It applies whatever the equipment is. It works in consumer and business space; it doesnt matter whether were looking at a frivolous personal amusement application, or the heaviest of heavy-weight corporate productivity tools. Its a litumus test which requires no complex metrics, and no special training is required before you can expertly apply it.
You simply ask the person who uses the device in question: "Where is it right now?" And if the device is to be successful, the answer had better be: "Here—Ill show you!"
Nokia just announced three phone accessories: all necklaces.
Necklaces? Why necklaces?
Because the company is focused on cracking this benchmark. Nokia wants to make sure that when someone starts praising their neat new portable gadget, and someone else responds: "Lets see!" the owner/evangelist can show it off, right there and then.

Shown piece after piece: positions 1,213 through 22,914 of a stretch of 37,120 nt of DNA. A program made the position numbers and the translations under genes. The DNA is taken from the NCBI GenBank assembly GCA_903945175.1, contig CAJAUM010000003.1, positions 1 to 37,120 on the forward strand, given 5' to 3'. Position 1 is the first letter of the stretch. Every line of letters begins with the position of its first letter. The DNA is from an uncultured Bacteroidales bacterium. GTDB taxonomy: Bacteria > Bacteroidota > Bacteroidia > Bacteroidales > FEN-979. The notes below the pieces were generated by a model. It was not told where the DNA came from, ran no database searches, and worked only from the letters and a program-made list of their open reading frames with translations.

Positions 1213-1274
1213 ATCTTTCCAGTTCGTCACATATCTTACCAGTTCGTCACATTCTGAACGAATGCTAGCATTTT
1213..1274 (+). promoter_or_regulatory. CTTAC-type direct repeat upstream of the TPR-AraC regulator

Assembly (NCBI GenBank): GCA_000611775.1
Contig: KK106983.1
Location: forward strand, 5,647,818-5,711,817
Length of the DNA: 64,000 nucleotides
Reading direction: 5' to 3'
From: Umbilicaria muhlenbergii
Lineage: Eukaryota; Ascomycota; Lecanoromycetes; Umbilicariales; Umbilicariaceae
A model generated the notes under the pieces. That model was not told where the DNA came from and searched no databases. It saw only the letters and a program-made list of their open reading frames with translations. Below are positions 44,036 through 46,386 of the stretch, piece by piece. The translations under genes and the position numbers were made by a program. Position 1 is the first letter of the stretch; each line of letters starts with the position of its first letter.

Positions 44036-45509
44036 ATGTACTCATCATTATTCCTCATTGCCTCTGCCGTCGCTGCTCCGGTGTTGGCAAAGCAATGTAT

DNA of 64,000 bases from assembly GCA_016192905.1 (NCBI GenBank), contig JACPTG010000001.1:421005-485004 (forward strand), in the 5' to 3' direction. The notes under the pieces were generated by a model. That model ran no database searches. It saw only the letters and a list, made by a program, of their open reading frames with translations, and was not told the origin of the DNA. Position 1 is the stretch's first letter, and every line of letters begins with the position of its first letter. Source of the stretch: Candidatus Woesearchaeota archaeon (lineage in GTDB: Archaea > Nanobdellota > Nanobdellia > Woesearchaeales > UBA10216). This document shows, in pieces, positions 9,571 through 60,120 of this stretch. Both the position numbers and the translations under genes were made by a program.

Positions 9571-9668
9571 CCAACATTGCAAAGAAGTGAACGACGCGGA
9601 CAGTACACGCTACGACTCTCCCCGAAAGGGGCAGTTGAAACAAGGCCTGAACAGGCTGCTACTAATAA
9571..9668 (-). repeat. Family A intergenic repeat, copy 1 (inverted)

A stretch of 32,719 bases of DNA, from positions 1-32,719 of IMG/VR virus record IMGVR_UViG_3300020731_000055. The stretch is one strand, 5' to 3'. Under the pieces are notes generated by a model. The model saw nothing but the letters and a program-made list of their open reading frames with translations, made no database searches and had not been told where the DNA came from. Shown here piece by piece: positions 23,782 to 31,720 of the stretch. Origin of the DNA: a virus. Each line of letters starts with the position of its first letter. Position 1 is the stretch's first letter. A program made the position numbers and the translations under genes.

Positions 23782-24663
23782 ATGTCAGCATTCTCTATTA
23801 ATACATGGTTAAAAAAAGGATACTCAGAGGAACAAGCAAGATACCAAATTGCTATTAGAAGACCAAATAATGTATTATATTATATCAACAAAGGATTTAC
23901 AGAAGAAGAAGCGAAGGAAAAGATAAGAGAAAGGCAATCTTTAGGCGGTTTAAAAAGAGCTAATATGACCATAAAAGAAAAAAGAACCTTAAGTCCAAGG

This applies to anything, from infrastructure to baubles. If you have a call forwarding scheme, and the calls cant find you, you wasted your money and the engineers time installing the system. If you have a dynamic DNS system which allows you to access your own desktop, but it doesnt work on that device in your pocket its not with you. It fails the test.
Designers of mobile gear are beginning to realize is that any feature that increases the likelihodd that a mobile device will be left behind—no matter how good it looks on the spec sheet—is a dud feature.
I spent an hour with Intels design anthropologist, Dr. Genevieve Bell, and came away shocked by just how bad we, as an industry, have been in the last decade.